Iridium catalysts have found many uses in recent years, such as Crabtree’s catalyst, which has found great utility for hydrogen isotope exchange and hydrogenation reactions.
Isotopic labelling is an important tool in many areas of chemistry, such as drug discovery, mechanism elucidation and quantitative analysis; thus, it is important that effective methods are available which allow incorporation of the required isotopic label.
There are numerous methods for incorporation of hydrogen isotopes into molecules, many of which employ transition metal catalysts. Iridium catalysts have proved highly effective in this transformation, and a wide variety of directing groups have been investigated in attempts to broaden the scope of this process.
Within the Kerr group, iridium catalysts bearing a combination of bulky N-heterocyclic carbene and phosphine ligands have been developed which have proved highly effective at mediating the hydrogen isotope exchange process. These catalysts allow hydrogen isotope exchange reactions to be carried out under mild conditions, with low levels of catalyst loading required, and improved catalyst stability compared to Crabtree’s catalyst.
These highly active catalytic species have been applied to deuteration of a wide variety of compounds bearing many different directing groups, however the labelling of aromatic aldehydes has yet to be fully investigated. There are two distinct sites available for deuteration in these substrates, and whilst a highly active and robust catalyst system has been developed within the research group for formyl C–H labelling, the area of selective aryl labelling requires further development.
These studies describe the development of a highly selective aryl labelling of aromatic aldehydes, starting with an extensive catalyst and solvent screen, as well as a design of experiment approach to further optimise the conditions. This resulted in a system which could be successfully used to label a range of aromatic aldehydes bearing different substituents and substitution patterns, achieving high incorporation of the deuterium label.
The utility of labelled aldehydes was shown through further diversification of the labelled material, allowing access to labelled molecules which may not be easily accessible through other methods.
During the optimisation for an aryl-selective labelling process, a catalyst was discovered which allows concurrent labelling of both the aryl- and formyl positions. Further optimisation of this global labelling process provided access to a range of materials with isotope incorporation at both aryl- and formyl-sites and was successfully applied to a range of aromatic aldehydes. The products of the concurrent aryl and formyl labelling were also diversified to demonstrate the applicability of this methodology.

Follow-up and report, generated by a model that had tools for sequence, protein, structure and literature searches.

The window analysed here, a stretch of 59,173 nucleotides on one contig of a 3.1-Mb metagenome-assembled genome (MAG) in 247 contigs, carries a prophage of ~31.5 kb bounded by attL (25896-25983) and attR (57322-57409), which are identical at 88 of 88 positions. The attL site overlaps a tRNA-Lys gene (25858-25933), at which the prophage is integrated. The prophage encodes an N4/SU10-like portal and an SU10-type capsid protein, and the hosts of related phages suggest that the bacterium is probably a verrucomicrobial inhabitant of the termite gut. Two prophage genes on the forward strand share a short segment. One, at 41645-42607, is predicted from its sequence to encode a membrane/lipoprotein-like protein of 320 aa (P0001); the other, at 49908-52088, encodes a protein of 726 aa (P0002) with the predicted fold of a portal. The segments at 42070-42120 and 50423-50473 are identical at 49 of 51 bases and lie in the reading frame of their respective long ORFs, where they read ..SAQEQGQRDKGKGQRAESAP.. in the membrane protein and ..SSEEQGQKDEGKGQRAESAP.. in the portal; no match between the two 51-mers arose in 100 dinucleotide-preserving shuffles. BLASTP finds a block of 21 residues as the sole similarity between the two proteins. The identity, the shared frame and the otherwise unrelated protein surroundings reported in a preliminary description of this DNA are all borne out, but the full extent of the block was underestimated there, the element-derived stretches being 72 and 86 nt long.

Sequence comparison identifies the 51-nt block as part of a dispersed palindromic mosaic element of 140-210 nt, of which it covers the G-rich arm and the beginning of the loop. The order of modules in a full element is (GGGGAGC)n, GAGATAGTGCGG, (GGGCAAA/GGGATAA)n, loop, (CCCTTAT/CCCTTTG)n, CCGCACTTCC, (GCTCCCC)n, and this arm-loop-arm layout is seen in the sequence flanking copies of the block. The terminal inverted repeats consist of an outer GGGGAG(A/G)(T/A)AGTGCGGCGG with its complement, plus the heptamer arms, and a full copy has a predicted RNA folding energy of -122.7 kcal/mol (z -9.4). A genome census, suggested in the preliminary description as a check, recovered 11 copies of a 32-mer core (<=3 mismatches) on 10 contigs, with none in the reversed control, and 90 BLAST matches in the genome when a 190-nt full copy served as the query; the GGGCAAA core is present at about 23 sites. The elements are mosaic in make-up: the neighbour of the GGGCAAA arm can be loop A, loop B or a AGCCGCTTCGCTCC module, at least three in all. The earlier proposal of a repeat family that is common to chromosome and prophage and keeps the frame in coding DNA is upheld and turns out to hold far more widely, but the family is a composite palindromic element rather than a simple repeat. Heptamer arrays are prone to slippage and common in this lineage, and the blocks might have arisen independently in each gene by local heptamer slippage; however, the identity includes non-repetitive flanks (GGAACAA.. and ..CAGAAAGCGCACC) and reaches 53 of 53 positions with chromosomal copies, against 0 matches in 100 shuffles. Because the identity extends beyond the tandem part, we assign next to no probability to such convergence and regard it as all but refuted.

The iridium catalysts developed within the Kerr group have also found use in hydrogenation protocols. Crabtree’s catalyst has previously been found to give good levels of conversion for many alkenes. In some cases where a facial bias for hydrogenation exists, Crabtree’s catalyst has also been seen to give high levels of selectivity.
However, while the stereochemical outcome for hydrogenation with heterogeneous metal catalysts is usually governed by steric effects, Crabtree’s catalyst can coordinate to Lewis basic functional groups, which can direct the site for hydrogenation, leading to a highly diastereoselective process. This high selectivity has also been observed with other iridium catalysts, and as such, it was hypothesised that the N-heterocyclic carbene/phosphine containing catalysts developed within the Kerr group should also be able to hydrogenate C–C multiple bonds efficiently and selectively.
Several of the catalysts developed in the Kerr group have been shown to be efficient in hydrogenation catalysts, and through the investigations reported herein, are shown to be able to perform hydrogenation directed by hydroxyl functional groups with excellent selectivity. However, the catalytic process seems to be sensitive to the substrate used, and it has been discovered that etherification of allylic alcohol substrates can also occur, and in some cases, become the dominating pathway.
Further studies reveal that the bulky Kerr group catalysts can have complimentary selectivity to Crabtree’s catalyst, proposed to be due to the ligand conformation, and that their selectivity can be sensitive to different solvents. The hydrogenation of α-terpineol was studied in depth to assess the effect of reaction parameters and catalyst structure on selectivity.
Density functional theory calculations were used to give a clearer understanding of the hydrogenation, as well as the related etherification, and investigated the conformation of the utilised catalyst species, as well as how the substrate species may bind to access different catalytic pathways.
The computational calculations were also used to investigate the mechanism for hydrogenation directed by the hydroxyl group, again investigating possible species along the pathway, and which may lead to the highly selective hydrogenated product.
|Date of Award||2 Dec 2021|
- University Of Strathclyde
|Sponsors||EPSRC (Engineering and Physical Sciences Research Council)|
|Supervisor||William Kerr (Supervisor) & Craig Jamieson (Supervisor)|